Back at the metabolomics core facility, the team was encouraged by the results of their first beer analysis. They looked for another brewing project to sink their mass spectrometer’s teeth into. Was there a known problem in the industry they could help solve? They settled on beer aging. “The expiration date of beer is very important to the industry,” says Heuberger. “Once it’s past that date, it no longer tastes the way it should.” Improving shelf life — keeping beer as fresh as possible for as long as possible — is a perpetual goal.

So, they asked, what can a metabolomic analysis tell us about the chemical reactions that occur in beer over time that affect the big three of aging: appearance, aroma, and flavor? A lot, it turns out. Working with New Belgium, the team sampled Fat Tire at three stages: fresh, stored at room temperature, and refrigerated. In the process they were able to isolate an entirely new class
of compounds that are sensitive to temperature and time within beer: purines.

This was a breakthrough. When a brewery runs beer through sensory analysis for an aging experiment, it has to be done real-time. That’s usually about six months. Now, with these new chemical markers identified, the future looks promising for breweries to run accelerated experiments in a fraction of the time, moving toward increasing beer stability over a longer time. To date the facility has run several more accelerated analyses alongside the brewery’s real-time experiments, “and so far,” says Heuberger with a smile, “our data and theirs have matched up nicely.” Just what a scientist wants to hear.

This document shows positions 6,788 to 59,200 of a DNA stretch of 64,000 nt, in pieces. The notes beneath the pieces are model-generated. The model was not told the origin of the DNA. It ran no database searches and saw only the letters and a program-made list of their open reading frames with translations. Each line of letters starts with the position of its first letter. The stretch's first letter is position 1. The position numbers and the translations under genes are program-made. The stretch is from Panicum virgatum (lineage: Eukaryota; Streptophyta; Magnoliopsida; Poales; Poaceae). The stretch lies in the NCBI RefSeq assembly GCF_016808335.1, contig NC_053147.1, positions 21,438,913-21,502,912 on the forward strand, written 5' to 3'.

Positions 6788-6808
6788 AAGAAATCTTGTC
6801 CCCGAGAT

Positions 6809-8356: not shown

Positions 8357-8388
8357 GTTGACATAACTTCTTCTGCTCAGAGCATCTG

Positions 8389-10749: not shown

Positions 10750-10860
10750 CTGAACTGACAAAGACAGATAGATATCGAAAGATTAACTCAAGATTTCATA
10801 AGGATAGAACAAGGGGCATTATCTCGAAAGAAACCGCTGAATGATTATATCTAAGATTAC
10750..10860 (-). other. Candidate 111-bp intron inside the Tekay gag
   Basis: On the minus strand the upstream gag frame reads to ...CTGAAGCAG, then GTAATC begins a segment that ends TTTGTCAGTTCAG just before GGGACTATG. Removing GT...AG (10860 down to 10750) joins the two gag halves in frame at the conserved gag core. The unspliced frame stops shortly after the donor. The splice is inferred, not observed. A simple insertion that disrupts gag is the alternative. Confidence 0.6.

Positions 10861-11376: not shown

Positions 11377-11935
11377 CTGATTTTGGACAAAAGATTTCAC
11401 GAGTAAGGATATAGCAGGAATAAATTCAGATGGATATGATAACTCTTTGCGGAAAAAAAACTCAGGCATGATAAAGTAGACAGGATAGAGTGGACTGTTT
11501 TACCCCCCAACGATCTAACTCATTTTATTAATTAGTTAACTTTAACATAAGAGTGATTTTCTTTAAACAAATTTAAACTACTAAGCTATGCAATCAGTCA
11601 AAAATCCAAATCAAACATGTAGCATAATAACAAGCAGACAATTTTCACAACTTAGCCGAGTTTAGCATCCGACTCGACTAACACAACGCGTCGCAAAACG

The facility is delving into research with mass-market brewing companies as well. With Anheuser-Busch InBev, they’re working with barley breeders to see how the chemical profile of barley might affect its malting quality. Identifying chemical markers early on could potentially shave years off what is now a 12-year breeding process. Similarly, they’ve just begun a yearlong study with New Belgium to identify which chemical qualities in barley — identified through metabolomics — correspond to flavor differences. In a world where a suspicion that barley contributes to flavor has not been shown through scientific research, this is cutting-edge stuff.

The science of beer is complicated and precise and, for the scientists, fun. There’s plenty still to learn. Says New Belgium’s chemist Sedin, “We’re not saving the world, we’re just making beer a little better.”